Benavente said the Tap-Out tournament and other senior traditions were great ways to meet new people on campus and make friends in other grade levels. She said all grades communicated with each other, but sophomores and juniors looked up to seniors.

“Activities like Tap-Out and Peer Support aided in blurring the line between grade levels,” Benavente said. “When I was in 10th and 11th grade, I remember being very aware of who the seniors were and recognizing that I wasn’t one of them. Then when I was a senior, I was very aware that I had earned my respect as a senior.”

Sherman said the Peer Support program, an interpersonal student-led counseling program, was another way for him to connect with students from all grade levels. He said this was important during online school because it allowed him to keep in contact with and meet new peers in other grades. 

“Being in Peer Support allowed me to create friendships with many [students] outside of my grade,” Sherman said. “I enjoyed coming back to campus and seeing all of my peers that were in my group.”

 Ruby Kemper ’24 said the absence of socialization between grade levels during the pandemic has affected the relationships on campus.

“Seniors were only at the Upper School for six months before the pandemic began, so they never had a full year on campus to experience Upper School traditions,” Kemper said. 

Kemper said her two older siblings, Tess Kemper ’15 and Julian Kemper ’20, are often nostalgic about their time at the school and the traditions they participated in. She said both her sibling are still very close with the friends they made at the school.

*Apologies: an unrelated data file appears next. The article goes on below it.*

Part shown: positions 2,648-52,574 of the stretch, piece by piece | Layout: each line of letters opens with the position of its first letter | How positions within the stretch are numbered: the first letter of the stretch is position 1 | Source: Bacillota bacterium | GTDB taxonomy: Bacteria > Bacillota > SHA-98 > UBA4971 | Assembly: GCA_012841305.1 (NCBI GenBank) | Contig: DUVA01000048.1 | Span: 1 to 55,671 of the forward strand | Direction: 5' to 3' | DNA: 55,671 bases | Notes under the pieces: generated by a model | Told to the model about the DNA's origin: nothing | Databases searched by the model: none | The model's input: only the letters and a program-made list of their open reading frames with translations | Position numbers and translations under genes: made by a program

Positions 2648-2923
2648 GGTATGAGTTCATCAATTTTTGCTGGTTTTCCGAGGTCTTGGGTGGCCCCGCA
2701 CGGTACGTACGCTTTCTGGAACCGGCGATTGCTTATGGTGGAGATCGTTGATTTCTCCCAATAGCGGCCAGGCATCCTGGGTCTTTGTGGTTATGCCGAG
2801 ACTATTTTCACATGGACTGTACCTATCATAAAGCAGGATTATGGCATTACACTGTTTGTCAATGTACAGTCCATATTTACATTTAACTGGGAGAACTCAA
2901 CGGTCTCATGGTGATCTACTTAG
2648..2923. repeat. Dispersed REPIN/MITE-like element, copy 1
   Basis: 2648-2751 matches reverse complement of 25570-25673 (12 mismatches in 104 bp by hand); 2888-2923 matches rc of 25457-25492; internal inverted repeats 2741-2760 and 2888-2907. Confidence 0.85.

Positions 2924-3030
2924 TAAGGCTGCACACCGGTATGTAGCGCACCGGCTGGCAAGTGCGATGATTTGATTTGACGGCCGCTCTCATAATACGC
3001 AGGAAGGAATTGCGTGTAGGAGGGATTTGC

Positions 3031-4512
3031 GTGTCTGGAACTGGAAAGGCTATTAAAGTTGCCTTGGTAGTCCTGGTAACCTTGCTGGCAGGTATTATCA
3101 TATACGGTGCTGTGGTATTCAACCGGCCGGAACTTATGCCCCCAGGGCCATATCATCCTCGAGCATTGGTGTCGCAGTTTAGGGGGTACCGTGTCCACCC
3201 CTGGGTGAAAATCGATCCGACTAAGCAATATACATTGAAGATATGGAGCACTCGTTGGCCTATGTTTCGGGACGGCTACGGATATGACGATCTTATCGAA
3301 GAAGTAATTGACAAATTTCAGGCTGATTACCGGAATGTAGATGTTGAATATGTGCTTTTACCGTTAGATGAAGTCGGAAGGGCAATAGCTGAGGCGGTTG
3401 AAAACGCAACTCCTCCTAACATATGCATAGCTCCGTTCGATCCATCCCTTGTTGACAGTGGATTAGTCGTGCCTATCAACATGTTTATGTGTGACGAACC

“My sister still talks about the [Senior] Scavenger Hunt today,” Kemper said. “I [also] remember hearing about the senior tables from my older siblings and how they created many memories around them.” 

Hartmeier said being the youngest of four siblings who attended the school has allowed him to look forward to various senior traditions, such as off-campus privileges.

Illustration by Alexa Druyanoff

“I would always hear my older siblings talk about going off-campus when they had multiple free periods,” Hartmeier said. “Later in the year, after [Advanced Placement (AP)] tests, when my siblings would have a two-hour break in the middle of their day, they would go to get lunch with friends. It always seemed like so much fun and an exciting part of becoming a senior.”

Hartmeier said he sees parallels between his siblings’ experiences as a senior and his own. He said experiencing some of the traditions he heard about allowed him to appreciate them more.

“I feel like my senior year has been similar to those of my older siblings,” Hartmeier said. “Being at [Senior Ceremony] felt like another tradition I was supposed to do as a senior, and when I was standing [on the field] with my class, I truly felt like a senior. I remember when [my siblings] told me about jumping into the pool on the last day of high school. I’m looking forward to doing that.”